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Our quantitative data points are meant to provide a high-level understanding of factors in equity risk models for Public Storage. Portfolio managers use these models to forecast risk, optimize portfolios and review performance.
We show how PSA stock compares to 2,000+ US-based stocks, and to peers in the Finance sector and Real Estate Investment Trusts industry.
Please do not consider this data as investment advice. Data is downloaded from sources we deem reliable, but errors may occur.
Public Storage operates as a real estate investment trust. The firm engages in acquiring, developing, owning and operating self-storage facilities. It operates through the following segments: Self-storage Operations, Ancillary Operations, Investment in PS Business Parks and Investment in Shurgard. The Self-storage Operations segment reflects the rental operations from all self-storage facilities. The Ancillary Operations segment deals with the sale of merchandise and reinsurance of policies against losses to goods stored by self-storage tenants, activities which are incidental to the primary self-storage rental activities. The Investment in PS Business Parks segment includes commercial properties, primarily multi-tenant flex, office, and industrial parks. The Investment in Shurgard segment owns self-storage facilities located in seven countries in Western Europe operated under the Shurgard brand name. The company was founded by Bradley Wayne Hughes, Sr. and Kenneth Q. Volk, Jr. in 1972 and is headquartered in Glendale, CA.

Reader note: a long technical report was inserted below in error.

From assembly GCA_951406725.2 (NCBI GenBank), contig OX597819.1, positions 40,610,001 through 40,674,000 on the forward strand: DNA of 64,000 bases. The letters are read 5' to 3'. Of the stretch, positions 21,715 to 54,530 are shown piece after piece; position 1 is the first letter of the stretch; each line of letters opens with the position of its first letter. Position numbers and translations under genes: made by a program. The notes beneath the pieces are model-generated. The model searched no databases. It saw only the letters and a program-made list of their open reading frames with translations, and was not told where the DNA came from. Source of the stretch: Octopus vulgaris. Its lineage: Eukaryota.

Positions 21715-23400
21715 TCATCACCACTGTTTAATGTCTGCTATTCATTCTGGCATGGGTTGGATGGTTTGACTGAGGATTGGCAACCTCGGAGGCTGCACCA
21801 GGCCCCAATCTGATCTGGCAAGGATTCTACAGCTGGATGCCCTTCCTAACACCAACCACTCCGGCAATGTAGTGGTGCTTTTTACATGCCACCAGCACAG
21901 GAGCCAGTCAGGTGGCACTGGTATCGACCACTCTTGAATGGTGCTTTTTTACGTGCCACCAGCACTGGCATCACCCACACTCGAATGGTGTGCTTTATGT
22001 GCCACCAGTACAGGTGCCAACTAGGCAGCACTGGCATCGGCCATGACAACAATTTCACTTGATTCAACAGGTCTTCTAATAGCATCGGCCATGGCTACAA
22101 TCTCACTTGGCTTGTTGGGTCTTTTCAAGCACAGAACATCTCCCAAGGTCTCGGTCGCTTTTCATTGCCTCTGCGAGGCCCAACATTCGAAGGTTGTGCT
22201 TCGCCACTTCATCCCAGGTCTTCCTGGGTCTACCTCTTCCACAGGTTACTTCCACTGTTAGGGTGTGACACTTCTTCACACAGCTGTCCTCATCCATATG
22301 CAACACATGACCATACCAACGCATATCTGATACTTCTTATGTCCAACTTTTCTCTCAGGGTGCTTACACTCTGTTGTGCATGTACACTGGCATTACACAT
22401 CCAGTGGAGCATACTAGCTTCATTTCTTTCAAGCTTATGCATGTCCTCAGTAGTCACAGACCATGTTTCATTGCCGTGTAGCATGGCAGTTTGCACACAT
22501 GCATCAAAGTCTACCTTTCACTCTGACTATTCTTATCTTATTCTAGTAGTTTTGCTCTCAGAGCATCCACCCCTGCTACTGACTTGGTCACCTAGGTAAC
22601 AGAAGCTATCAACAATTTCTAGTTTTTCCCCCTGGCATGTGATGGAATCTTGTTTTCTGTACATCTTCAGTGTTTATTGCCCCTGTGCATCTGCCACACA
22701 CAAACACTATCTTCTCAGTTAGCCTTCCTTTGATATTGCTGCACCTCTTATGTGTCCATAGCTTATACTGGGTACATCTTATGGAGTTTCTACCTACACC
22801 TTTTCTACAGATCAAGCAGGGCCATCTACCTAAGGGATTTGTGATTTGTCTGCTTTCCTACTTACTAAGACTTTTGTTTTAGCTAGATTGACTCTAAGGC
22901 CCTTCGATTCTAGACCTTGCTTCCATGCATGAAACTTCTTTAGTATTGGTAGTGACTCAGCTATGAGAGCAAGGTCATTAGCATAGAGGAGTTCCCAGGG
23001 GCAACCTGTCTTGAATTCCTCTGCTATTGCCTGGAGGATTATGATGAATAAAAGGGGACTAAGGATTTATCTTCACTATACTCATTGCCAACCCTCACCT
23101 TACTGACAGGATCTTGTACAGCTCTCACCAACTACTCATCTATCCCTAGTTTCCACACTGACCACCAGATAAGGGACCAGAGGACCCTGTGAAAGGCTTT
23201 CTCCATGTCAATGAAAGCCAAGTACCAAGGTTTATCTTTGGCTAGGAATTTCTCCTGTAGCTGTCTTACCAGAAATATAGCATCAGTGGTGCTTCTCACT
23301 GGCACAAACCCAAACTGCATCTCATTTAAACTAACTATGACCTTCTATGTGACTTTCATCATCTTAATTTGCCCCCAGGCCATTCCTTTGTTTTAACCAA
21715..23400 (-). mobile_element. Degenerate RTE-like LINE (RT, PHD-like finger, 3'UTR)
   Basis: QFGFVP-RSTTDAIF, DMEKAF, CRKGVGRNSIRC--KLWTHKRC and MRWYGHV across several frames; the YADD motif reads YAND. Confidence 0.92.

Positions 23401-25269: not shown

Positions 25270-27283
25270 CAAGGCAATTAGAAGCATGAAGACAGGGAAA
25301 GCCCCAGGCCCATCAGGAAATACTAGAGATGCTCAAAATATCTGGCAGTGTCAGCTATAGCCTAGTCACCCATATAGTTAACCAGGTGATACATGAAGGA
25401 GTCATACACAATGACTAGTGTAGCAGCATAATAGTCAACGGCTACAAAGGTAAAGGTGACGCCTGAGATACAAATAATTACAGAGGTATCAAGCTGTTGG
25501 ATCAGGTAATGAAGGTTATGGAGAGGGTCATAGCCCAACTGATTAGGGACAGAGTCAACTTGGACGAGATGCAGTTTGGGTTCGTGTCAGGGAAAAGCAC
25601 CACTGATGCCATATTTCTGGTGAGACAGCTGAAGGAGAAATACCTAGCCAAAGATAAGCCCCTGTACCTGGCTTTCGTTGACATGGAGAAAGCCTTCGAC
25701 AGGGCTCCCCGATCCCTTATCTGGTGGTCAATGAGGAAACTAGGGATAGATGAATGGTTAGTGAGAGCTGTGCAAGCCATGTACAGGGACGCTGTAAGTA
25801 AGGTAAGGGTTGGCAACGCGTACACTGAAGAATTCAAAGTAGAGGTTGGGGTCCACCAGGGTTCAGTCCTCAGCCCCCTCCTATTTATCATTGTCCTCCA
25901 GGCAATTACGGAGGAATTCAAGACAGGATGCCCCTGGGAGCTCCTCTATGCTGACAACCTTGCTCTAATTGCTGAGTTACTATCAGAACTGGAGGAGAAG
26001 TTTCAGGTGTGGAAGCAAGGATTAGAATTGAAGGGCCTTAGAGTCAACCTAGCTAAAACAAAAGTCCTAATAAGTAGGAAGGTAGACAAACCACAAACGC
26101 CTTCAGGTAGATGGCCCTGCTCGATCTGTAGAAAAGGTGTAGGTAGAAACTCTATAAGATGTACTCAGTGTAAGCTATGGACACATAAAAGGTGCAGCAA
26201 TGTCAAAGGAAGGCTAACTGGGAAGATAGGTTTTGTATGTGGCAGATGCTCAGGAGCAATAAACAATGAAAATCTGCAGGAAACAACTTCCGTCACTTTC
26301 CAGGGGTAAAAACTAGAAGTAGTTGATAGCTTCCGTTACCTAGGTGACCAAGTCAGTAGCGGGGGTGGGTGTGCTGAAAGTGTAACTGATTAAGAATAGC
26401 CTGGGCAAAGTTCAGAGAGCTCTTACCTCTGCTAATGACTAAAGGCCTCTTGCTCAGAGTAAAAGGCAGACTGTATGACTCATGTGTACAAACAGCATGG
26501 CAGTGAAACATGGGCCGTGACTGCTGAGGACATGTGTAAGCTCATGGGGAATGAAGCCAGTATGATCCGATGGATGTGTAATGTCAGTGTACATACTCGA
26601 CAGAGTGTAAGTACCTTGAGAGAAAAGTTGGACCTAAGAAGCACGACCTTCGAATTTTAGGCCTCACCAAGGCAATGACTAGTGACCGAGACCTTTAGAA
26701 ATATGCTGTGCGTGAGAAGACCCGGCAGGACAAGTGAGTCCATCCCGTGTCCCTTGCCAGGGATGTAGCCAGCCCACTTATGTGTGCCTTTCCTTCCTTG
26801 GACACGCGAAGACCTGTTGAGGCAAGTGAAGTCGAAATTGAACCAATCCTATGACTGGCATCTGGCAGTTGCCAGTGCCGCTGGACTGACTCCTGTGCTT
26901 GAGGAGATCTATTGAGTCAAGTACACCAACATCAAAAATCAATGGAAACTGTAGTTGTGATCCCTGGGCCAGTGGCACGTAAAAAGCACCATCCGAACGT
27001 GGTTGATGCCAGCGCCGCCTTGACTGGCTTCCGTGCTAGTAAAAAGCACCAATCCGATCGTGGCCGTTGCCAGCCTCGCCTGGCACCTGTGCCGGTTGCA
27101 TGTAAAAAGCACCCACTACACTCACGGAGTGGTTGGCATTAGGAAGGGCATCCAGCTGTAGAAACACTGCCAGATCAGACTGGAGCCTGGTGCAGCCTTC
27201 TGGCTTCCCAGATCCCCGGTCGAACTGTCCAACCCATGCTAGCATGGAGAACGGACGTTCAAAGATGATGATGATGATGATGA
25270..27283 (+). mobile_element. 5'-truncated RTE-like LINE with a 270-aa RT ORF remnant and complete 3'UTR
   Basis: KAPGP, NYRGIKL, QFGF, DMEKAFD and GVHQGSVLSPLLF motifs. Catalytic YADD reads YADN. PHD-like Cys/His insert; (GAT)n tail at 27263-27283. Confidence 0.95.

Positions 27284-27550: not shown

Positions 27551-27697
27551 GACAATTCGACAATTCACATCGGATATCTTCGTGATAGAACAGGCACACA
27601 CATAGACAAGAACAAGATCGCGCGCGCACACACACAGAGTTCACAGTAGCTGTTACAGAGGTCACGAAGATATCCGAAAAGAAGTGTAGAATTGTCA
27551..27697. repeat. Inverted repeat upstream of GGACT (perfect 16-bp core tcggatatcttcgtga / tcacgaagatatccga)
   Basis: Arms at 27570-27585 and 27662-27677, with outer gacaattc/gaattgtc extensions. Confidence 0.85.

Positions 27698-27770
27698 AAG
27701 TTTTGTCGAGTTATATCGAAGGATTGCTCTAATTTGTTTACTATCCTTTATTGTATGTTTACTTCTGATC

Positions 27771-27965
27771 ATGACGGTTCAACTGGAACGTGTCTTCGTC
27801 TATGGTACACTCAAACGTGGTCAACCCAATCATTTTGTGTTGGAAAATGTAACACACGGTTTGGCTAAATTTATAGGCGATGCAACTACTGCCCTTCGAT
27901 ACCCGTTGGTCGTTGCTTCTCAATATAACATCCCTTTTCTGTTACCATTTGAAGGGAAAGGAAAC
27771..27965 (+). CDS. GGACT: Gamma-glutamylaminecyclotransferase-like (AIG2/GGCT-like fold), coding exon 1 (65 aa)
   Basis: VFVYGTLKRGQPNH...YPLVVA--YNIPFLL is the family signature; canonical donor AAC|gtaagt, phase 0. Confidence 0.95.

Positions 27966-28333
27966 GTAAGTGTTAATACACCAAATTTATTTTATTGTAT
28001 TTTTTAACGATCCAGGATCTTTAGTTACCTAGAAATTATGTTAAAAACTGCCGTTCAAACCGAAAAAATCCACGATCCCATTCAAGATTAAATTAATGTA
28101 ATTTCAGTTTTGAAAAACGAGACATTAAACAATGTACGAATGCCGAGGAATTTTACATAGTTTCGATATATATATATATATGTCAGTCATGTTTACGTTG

Many of the following risk metrics are standardized and transformed into quantitative factors in institutional-level risk models.
Rankings below represent percentiles from 1 to 100, with 1 being the lowest rating of risk.
Stocks with higher beta exhibit higher sensitivity to the ups and downs in the market. (↑↑)
Stocks with higher market capitalization often have lower risk. (↑↓)
Higher average daily dollar volume over the past 30 days implies lower liquidity risk. (↑↓)
Higher price momentum stocks, aka recent winners, equate to lower risk for many investors. (↑↓)
Style risk factors often include measures of profitability and payout levels.
Companies with higher earnings generally provide lower risk. (↑↓)
Companies with higher dividend yields, if sustaintable, are perceived to have lower risk. (↑↓)
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